Naval Air: P-3s Get Sharper Vision


May 31, 2007: At least five American P-3 Orion maritime patrol aircraft have been equipped with Littoral Surveillance Radar Systems (LSRS). This is a wide-aperture active electronically scanned array (AESA) type radar that enables the aircraft to track vehicles on land, and ships at sea. Such high resolution radars are already installed in JSTARS aircraft, Global Hawk UAVs and many fighters. Active Electronically Scanned Array (AESA) radar consists of thousands of tiny radars that can be independently aimed in different directions. An AESA radar was used on the JSTARS aircraft, enabling it to locate vehicles moving on the ground. A new AESA radar for JSTARS enables them to spot smaller, man sized, objects. AESA type radars have been around a long time, popular mainly for their ability deal with lots of targets simultaneously, and produce a more accurate picture of what is out there.

The P-3 has been used more frequently to support ground operations, and AESA is great for this. But at sea, AESA could also be used to keep track of ship size targets for American anti-ship missiles fired from over the horizon.

A sufficiently powerful AESA radar can also focus enough energy to damage aircraft or missiles. The U.S. has already been doing this with the high-powered microwave (HPM) effects generated by similar AESA radars used in F18, F35 and F22 aircraft. This is sort of like the EMP (Electromagnetic Pulse) put out by nuclear weapons. AESA has demonstrated that it can disable missiles and aircraft. AESA in a Global Hawk could disable electronics on the ground.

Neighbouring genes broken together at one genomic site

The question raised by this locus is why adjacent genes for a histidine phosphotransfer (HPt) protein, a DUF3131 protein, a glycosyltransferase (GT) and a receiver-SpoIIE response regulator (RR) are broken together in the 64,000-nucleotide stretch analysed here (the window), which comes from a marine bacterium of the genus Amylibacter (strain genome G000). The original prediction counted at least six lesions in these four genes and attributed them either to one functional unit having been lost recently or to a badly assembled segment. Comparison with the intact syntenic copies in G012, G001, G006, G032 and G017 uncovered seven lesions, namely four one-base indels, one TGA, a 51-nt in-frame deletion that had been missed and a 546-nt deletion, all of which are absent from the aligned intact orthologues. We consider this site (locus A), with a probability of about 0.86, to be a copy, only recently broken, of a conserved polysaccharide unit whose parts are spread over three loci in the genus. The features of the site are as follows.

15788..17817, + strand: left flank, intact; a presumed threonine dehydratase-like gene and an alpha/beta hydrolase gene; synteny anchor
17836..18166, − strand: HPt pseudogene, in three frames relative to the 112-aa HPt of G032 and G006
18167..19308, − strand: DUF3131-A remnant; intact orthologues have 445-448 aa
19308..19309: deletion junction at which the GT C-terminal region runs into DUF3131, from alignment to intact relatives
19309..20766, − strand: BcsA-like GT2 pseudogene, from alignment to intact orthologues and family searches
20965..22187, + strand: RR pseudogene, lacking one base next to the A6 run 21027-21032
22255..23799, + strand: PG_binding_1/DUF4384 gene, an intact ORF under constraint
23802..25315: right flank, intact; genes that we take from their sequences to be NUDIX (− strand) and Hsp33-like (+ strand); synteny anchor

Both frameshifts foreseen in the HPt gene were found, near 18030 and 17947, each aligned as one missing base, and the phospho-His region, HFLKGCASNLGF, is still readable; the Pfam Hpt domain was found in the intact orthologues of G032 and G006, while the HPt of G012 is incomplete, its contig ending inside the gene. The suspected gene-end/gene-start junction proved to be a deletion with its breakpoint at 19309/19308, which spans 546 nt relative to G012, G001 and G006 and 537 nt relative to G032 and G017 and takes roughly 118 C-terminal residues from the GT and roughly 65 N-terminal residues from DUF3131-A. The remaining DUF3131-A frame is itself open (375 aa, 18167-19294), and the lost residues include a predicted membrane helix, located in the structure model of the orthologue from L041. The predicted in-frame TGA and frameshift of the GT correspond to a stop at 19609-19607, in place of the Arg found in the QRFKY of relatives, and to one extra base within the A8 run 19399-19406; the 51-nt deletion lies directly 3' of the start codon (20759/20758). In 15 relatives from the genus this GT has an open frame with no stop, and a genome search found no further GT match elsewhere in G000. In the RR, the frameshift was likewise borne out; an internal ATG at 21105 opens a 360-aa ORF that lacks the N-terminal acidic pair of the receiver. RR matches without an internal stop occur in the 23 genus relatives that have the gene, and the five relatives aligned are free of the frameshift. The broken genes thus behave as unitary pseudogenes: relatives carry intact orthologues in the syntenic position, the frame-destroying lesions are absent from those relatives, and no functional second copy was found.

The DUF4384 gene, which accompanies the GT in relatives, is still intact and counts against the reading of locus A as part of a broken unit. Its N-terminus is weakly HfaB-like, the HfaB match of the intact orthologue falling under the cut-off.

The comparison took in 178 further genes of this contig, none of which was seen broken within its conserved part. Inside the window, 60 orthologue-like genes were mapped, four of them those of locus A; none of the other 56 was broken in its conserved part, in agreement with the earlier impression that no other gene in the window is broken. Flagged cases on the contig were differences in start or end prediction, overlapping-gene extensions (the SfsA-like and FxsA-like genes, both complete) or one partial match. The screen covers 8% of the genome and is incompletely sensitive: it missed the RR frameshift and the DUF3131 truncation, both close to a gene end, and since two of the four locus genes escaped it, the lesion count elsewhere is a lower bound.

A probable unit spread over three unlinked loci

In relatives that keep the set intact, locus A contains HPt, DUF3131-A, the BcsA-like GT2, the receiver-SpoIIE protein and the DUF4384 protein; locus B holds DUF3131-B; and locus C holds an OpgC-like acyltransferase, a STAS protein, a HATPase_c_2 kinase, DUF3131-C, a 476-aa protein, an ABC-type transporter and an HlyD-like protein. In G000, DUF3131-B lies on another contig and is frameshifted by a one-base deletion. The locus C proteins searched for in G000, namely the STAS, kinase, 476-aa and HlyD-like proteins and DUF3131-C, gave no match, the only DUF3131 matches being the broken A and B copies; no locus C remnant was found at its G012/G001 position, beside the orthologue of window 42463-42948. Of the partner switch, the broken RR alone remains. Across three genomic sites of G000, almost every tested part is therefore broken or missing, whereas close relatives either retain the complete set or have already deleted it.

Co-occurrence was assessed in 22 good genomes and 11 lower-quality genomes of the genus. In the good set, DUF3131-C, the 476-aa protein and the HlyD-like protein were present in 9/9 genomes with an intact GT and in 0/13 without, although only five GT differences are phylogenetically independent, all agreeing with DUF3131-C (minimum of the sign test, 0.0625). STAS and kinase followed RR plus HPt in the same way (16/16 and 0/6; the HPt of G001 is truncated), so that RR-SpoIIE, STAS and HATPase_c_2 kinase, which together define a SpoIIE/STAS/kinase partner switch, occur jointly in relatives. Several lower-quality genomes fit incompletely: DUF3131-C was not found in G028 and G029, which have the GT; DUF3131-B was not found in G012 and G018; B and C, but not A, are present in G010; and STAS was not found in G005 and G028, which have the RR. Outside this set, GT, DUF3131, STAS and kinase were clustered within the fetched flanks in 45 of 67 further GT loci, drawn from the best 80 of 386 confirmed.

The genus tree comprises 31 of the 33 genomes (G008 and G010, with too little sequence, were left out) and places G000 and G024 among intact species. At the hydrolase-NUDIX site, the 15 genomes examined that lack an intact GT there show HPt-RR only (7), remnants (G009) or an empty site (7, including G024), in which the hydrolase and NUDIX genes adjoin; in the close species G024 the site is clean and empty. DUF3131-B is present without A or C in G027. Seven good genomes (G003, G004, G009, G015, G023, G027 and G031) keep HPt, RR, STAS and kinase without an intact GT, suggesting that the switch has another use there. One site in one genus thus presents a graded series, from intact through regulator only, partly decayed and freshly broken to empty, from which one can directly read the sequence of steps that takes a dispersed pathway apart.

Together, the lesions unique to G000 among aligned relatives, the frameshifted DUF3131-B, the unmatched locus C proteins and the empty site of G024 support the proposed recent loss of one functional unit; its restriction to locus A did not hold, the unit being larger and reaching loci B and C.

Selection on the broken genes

The air force had planned to install a larger AESA radar on its new E-10 radar aircraft, that would be able to zap cruise missile guidance systems up to 180 kilometers away. The E-10 has been cancelled, but there are now plans to install its AESA radar on existing JSTARS. The E-10 AESA is several times larger than the ones found in fighters, P-3s and the Global Hawk, so make your own range estimates.




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